Pharos-Tribune

December 19, 2012

PUBLIC FORUM: God understands overwhelming grief


— There are times when even pastors shake their heads and shed tears. The tragic shooting at the Connecticut elementary school is one of those times. Yet, I continue to trust in God, whose thoughts are not our thoughts and His ways are not our ways. And so, we cry out with the psalmist: “Deliver me, O Lord, from evil men; preserve me from violent men, who plan evil things in their heart. ...” (Psalms 140:1-2)

It is important to remember that this is not God’s doing ... this is a truly evil act brought about by the work of Satan in this young man’s life. This is a terrible reminder, in the midst of preparations for Christmas, that we live in an evil world that is corrupted by sin (there, but for the grace of God, go I).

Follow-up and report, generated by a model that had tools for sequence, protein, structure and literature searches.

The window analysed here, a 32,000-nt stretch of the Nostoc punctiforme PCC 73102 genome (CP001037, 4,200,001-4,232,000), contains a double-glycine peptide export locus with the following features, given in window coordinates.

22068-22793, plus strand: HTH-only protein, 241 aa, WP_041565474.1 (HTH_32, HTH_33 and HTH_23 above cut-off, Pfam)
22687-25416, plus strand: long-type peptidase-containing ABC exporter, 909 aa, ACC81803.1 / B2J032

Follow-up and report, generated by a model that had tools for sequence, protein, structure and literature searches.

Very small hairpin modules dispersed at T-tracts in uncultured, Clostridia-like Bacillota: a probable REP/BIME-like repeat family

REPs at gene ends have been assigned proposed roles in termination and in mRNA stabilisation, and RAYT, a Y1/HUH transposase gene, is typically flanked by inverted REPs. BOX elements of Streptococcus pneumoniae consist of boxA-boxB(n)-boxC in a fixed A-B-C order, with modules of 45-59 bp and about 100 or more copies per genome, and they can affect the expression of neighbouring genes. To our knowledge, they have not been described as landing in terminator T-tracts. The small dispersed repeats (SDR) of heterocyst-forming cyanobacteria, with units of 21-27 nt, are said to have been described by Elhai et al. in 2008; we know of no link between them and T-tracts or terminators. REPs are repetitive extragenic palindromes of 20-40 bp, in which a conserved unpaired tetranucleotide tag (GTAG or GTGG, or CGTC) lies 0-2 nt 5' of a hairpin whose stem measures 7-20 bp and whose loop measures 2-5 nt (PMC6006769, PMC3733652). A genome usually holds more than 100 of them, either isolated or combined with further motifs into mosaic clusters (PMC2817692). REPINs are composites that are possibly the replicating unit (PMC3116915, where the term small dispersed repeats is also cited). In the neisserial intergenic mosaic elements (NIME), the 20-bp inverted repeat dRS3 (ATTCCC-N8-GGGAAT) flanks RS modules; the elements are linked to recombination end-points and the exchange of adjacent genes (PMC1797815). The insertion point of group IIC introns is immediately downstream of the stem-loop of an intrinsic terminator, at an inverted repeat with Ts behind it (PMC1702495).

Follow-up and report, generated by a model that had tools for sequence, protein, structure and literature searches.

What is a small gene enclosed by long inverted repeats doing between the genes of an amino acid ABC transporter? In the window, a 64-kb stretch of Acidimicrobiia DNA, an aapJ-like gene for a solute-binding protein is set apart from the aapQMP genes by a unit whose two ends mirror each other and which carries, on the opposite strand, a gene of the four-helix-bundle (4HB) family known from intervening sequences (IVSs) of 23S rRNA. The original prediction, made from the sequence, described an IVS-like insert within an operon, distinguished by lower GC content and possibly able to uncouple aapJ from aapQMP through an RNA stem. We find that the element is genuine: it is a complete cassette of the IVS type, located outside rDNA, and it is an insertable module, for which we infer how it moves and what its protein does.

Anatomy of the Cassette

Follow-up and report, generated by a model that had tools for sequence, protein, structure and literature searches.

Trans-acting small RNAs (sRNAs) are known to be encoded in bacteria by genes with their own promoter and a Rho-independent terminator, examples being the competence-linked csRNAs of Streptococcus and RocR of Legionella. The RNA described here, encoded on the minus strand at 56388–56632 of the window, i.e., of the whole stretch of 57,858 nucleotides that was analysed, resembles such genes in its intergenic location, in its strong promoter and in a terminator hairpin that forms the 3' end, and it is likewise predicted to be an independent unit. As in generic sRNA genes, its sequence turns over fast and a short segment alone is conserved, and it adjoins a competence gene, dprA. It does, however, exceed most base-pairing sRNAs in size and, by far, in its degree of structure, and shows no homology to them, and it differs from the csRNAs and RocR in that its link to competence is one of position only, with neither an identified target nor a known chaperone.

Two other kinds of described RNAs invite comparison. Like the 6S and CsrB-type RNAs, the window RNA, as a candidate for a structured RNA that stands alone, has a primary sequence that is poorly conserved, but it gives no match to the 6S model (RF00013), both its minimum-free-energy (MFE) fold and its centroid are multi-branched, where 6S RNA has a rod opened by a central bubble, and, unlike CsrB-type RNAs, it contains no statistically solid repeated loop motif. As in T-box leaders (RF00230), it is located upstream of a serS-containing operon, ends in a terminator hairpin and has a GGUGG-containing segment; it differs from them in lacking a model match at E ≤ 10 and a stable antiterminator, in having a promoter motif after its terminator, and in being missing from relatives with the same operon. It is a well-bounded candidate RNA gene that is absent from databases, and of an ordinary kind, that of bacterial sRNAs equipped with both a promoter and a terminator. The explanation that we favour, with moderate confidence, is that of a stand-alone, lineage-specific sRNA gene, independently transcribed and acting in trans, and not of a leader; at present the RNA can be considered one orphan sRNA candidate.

And so, we give thanks that God, in His mercy, sent His Son into the world, born of a woman, born under the law, to redeem us who are under the law. God knows what violence to a child is as His Son was crucified at the hands of evil men for our salvation. God knows the grief and anguish these parents are experiencing. We commend these families into His most gracious care.

An passage from Lutheran Service Book 764, “When aimless violence takes those we love,” stanzas 1, 4 and 5:

“When aimless violence takes those we love, When random death strikes childhood’s promise down, When wrenching loss becomes our daily bread, We know, O God, You leave us not alone. ...

“Because Your Son knew agony and loss, Felt desolation, grief and scorn and shame, We know You will be with us, come what may, Your loving presence near, always the same.

“Through long grief-darkened days help us, dear Lord, To trust Your grace for courage to endure, To rest our souls in Your supporting love, And find our hope within Your mercy sure.”

Rev. K.C. Dehning, pastor

St. James Lutheran Church